Mucormycosis amid COVID-19: Understanding the ‘Black Fungus’ disease

Most of the patients with Mucormycosis are diabetics and have a history of taking steroids for Covid treatment that raises their sugar levels, writes Dr Manusrut

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About Author: Dr Manusrut is the Consultant for Ear Nose Throat (ENT) Head and Neck surgeon at Yashoda Hospitals, Hyderabad. He is an expert with advanced training in Cochlear Implantation and Ear surgery. One of the first and youngest Fellowship-trained Cochlear Implant Surgeons in India, he has experience of performing more than 1500 surgeries encompassing all subspecialties of Ear, Nose, Throat, and Head and neck diseases.

An Increased surge of Mucormycosis disease also known as ‘Black Fungus’ has been found in patients with COVID-19. The disease starts from the nose and sinus, then quickly spreads to the eyes and the brain. On an average, 50 percent of patients may not even survive despite being provided with the best treatment possible, if the fungus spreads to the brain, and then there is hardly any chance for the patient to survive. It used to be a rare disease, doctors attended to hardly one case a year, but now the circumstances have changed and ENT specialists are seeing an increased incidence of mucormycosis in patients with active COVID-19 or who have recovered from it. Most of the patients with Mucormycosis are diabetics and have a history of taking steroids for Covid treatment that raises their sugar levels.
Early signs and symptoms
The early signs and symptoms for Mucormycosis disease are like this:
  • One-sided severe headache and pain behind the eye.
  • Nasal stuffiness, discharge or occasional bleeding.
  • Eyes swelling, inability to open eyes, redness of eyes, double vision, loss of vision etc.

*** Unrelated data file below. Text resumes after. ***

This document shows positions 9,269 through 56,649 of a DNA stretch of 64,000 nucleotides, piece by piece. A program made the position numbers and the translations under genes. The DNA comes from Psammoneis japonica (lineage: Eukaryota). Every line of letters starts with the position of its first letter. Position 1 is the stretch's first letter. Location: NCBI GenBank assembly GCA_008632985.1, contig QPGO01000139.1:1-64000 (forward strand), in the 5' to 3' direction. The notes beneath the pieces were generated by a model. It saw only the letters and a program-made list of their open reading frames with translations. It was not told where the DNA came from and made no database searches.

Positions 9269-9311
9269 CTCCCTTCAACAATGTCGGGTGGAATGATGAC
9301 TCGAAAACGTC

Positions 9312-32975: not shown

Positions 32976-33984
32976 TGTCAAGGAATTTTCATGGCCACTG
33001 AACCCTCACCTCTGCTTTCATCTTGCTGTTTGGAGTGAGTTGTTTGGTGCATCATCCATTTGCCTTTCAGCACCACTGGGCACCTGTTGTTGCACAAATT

• Ulceration or Blackish discolouration of the roof of the mouth (palate).
  • The disease quickly progresses to the brain causing drowsiness, facial paralysis, numbness of the face,  stroke, one side paralysis and even death.
COVID-19 positive patients of all ages are at high risk, especially the patients with a history of prolonged steroid usages, Diabetics, on immunosuppressants etc.
Origin of Mucormycosis
Mucormycosis, the group of parasites that cause mucormycosis, are available all through the climate, especially in soil and in contact with rotting natural bodies, like leaves, fertilizer heaps, and creature waste. They are more normal in soil than in air, and in summer and fall than in winter or spring. Most individuals interact with minute parasitic spores consistently, so it’s presumably difficult to try not to interact with mucormycosis. These parasites aren’t harmful to many people. In any case, for individuals who have weakened immunity, taking in mucormycosis spores can cause disease in the lungs or sinuses which can spread to different pieces of the body.
Treatment procedure for Mucormycosis
The key to this treatment is to have a high index of suspicion and timely intervention. Immediate surgery is required to remove the affected dead tissue and bone from the nose, and some patients require the removal of their eyes also.  After that, the patient needs an Antifungal injection, Amphotericin B which has to be taken for 4- 6 weeks to avoid any further spread of disease.
The injection is reported to be in short supply due to the increase in cases all over the country.
Most of the patients had a medical history of diabetes and were treated with steroids.  Few patients underwent surgery while having active COVID-19 disease as any delay is harmful. Three of the patient’s eyes also had to be removed as it had become a focus of fungal infection.
This disease has now reached epidemic proportions, as cases are being reported from Gujarat, Maharashtra, Telangana, Andhra Pradesh also.
Mucormycosis can only be checked by controlling sugar level in diabetic patients, especially patients who are on steroids.  If someone is taking steroids then it should be regulated properly. To avoid any fungus settling in the nose these patients should start washing their nose with normal saline mixed with betadine.